- Child Care in Black and White: Working Parents and the History of Orphanages by Jessie B. Ramey
In Child Care in Black and White, Jessie B. Ramey uses the story of two orphanages in Pittsburgh, Pennsylvania, to bring several new perspectives to the historiography of orphan homes. Ramey focuses her book on the United Presbyterian Orphan’s Home (UPOH) and the Home for Colored Children (HCC) between 1878 and 1929. Foremost among Ramey’s arguments is that parents used these two orphanages as a means of child care. Rather than being true orphans, most of the children admitted into these institutions had one or even two living parents, a common trait for many of the orphan homes in the United States. Ramey shows that parents tended to treat each of these institutions as a partner in an economic interaction. Approaching the story in this way grants agency to the families submitting children to the institution. Rather than completely relinquishing their rights over their children, parents stayed involved in their children’s lives. They frequently paid a fee for their children to live in the institution and, consequently, felt that the institution owed their children a certain level of care. Parents negotiated with the orphanages over several issues, including the clothes their children wore and the food they ate.
While both of these homes originated with the same group of Presbyterian founders, the UPOH accepted white children while the HCC accepted African American children. Ramey uses these two institutions to explore the complex role that race played in the care of children in the late nineteenth and early twentieth centuries; “The HCC both reinforced and resisted racial segregation,” she writes (p. 161). One of the main reasons the HCC opened was that the managers of the UPOH discovered an African American girl named Nellie Grant who needed a home; they did not want to place her in the UPOH. By creating a separate institution for African American children, the managers continued the national trend of segregation. A few African American women served on the board of the HCC from its inception, but their presence was little more than tokenism and did not move the board towards a fully [End Page 528] integrated management. Overall, “the HCC board … largely functioned as a white institution in relationship to the black community,” a community with which the managers hesitated to interact beyond helping a few of the children (p. 181). It took time and persistent efforts from prominent local African Americans as well as state authorities for the board to begin cooperating with members of the black community outside the institution, as well as to start interacting with other African American homes for children. However, the board did—in some cases—challenge racial stereotypes, particularly in their treatment of the children. They considered African American children intellectually capable, and while they prepared them to be good citizens they also educated them and encouraged vocational pursuits just as they did for the children in the UPOH.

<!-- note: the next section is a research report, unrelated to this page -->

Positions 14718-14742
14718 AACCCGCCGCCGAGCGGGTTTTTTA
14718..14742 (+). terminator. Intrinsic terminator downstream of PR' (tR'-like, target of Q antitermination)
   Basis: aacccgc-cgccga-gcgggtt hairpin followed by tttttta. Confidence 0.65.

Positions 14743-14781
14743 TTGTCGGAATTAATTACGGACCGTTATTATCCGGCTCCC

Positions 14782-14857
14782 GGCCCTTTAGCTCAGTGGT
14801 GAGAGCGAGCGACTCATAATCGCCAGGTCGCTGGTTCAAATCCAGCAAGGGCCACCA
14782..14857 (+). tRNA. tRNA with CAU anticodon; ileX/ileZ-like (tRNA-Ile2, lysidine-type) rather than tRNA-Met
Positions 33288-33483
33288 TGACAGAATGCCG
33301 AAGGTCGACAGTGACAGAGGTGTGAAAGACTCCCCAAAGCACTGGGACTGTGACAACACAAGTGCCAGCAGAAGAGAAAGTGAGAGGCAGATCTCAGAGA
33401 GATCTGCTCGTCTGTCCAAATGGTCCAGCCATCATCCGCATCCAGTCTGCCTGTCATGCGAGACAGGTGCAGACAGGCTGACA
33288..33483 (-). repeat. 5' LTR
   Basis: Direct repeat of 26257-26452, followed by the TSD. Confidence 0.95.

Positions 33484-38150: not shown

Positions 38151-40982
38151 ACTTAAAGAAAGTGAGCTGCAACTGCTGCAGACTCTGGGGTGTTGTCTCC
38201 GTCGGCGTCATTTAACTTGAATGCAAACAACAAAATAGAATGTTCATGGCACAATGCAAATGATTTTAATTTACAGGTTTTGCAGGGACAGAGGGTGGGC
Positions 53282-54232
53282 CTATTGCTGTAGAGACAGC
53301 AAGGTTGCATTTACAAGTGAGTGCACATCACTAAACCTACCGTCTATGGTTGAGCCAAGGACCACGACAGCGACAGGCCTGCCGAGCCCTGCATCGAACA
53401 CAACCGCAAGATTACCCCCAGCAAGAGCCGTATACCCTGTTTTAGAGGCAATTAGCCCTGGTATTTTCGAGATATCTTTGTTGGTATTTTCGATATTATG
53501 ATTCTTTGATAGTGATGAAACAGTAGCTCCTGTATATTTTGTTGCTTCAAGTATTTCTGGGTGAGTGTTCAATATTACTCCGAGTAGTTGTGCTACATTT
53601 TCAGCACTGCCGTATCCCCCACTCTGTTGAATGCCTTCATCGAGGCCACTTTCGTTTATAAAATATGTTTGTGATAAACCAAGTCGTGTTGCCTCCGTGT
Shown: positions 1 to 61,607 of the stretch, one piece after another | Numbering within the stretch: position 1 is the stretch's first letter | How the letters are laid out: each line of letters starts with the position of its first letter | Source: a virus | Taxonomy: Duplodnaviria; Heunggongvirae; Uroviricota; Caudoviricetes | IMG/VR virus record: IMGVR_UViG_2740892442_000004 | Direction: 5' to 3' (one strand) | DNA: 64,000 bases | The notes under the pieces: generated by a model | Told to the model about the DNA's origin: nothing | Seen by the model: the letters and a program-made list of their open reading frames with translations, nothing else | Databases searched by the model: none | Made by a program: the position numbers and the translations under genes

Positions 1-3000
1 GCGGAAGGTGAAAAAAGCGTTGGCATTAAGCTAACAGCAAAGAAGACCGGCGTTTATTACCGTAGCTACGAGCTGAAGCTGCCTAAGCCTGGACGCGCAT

Another crucial component of Child Care in Black and White is the role of gender. Ramey spends some time on the ways gender affected the children living in the institutions as well as the power of maternalism in shaping the managers’ motivations, actions, and perceptions. The most innovative part of the book’s examination of gender, though, is the inclusion of fathers in the orphan story. As Ramey notes, orphan narratives tend to focus on the mother bringing her children to the institution, thus creating the image of the “fatherless orphan.” Ramey shows that fathers brought children both to the UPOH and the HCC and examines the circumstances which prompted them to do so. Fathers likely found it difficult to maintain an intact household without a wife to manage it and ended up bringing their children to the institutions sooner after the loss of a spouse than mothers did.
Child Care in Black and White successfully places the UPOH and the HCC in their historical context...